Carers Week 2018 is here – do you know how to find support?

Today, Monday 11 June, marks the first day of Carers Week 2018, bringing an opportunity for Warwickshire County Council to raise awareness of the different services on offer in Warwickshire to help make carers’ lives a little bit easier.

A carer is anyone who regularly provides unpaid help to someone who could not cope without them. Unfortunately many people do not realise that they are carers, while many who do realise are unaware that there is support available for them.

With approximately 11% of Warwickshire’s adult population providing some sort of unpaid care every week, and the value of this contribution estimated to be between £575 million and £1.24bn per year, it is vital that WCC ensures carers can access the support they need to retain their own independence and wellbeing.

Carers Week is a national event that takes place each year to both celebrate the vital work carers do to support people in our communities, and to raise awareness of the help that is available for them. Carers Week is about building communities which support carers to look after their loved ones well, while recognising that they are individuals with health and wellbeing needs of their own.

Warwickshire County Council, in partnership with Warwickshire Carer Wellbeing Service, will promote Carers Week locally, with themed news and activities taking place throughout the week. Please go to www.warwickshire.gov.uk/carersweek for a schedule of local events.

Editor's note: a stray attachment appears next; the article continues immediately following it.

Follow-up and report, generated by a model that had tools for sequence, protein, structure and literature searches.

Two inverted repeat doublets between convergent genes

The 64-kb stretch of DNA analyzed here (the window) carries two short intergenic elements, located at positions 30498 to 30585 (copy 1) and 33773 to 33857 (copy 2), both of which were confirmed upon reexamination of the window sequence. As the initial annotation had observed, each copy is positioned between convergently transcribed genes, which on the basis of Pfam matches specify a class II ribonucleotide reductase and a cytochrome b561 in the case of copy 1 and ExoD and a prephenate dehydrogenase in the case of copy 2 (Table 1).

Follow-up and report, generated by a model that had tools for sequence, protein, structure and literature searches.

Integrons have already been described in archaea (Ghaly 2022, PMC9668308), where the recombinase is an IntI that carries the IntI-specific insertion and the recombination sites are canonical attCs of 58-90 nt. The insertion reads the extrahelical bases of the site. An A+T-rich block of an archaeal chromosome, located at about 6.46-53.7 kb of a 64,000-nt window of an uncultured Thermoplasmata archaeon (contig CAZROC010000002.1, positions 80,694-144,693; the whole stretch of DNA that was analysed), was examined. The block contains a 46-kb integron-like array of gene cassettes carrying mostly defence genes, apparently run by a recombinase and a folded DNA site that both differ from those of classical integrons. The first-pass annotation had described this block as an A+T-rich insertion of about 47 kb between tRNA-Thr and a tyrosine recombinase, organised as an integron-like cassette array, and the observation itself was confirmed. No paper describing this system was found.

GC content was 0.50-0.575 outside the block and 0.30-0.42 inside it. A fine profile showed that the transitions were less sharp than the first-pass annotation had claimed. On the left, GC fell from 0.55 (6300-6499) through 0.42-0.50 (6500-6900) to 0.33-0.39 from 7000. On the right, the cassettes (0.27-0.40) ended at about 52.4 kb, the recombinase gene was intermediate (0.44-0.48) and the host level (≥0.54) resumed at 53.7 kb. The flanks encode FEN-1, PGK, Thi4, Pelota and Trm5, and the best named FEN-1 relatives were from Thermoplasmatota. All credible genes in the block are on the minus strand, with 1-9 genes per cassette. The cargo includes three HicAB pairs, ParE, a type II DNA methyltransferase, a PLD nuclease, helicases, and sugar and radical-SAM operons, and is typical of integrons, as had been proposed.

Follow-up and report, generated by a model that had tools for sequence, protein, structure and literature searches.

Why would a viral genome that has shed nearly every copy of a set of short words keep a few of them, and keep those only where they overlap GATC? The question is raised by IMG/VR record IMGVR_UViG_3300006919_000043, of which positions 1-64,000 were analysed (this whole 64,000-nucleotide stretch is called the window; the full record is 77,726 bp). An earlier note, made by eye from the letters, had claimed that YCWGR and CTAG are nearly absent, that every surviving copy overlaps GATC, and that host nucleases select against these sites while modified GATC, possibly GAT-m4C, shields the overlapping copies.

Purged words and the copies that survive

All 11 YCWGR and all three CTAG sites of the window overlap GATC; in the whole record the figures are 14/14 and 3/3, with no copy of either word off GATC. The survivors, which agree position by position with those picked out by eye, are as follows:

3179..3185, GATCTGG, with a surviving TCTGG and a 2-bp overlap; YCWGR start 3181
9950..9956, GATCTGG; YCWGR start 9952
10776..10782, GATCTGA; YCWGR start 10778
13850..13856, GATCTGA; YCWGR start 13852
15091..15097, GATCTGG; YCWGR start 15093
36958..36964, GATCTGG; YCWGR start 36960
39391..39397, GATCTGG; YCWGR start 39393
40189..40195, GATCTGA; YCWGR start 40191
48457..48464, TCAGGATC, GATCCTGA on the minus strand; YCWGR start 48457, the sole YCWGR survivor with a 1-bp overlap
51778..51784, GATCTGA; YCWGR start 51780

Councillor Izzi Seccombe, Leader of Warwickshire County Council, said: “Caring for a loved one can be a full-time job, something that affects your life every day. In Warwickshire it’s a priority for us to ensure people stay safe, healthy, and independent and Carers Week is a fantastic opportunity for us to raise awareness of the support available specifically for carers.”

Councillor Les Caborn, Portfolio Holder for Health and Wellbeing, said: “The Warwickshire Carer Wellbeing Service was established last year to provide carers with emotional and practical support they can access in person, over the phone, or via Skype or FaceTime. It’s a fantastic resource and I urge all carers to reach out and see what the service could help you with.”

As well as raising awareness of support to carers, the council is also asking professionals to think about any action they can take to support carers or help people recognise that they are carers and seek support. Carer pledges will be collected at the carer events and from health, education and voluntary sector partners. People can also make pledges online at https://www.carersweek.org/get-involved/pledge-support

Carers are a socially and demographically diverse group, and as the demand for care is projected to grow, people are increasingly likely to become providers of care at some point in their lives. To find out more information about the county council’s offer for carers in Warwickshire, go to www.warwickshire.gov.uk/carers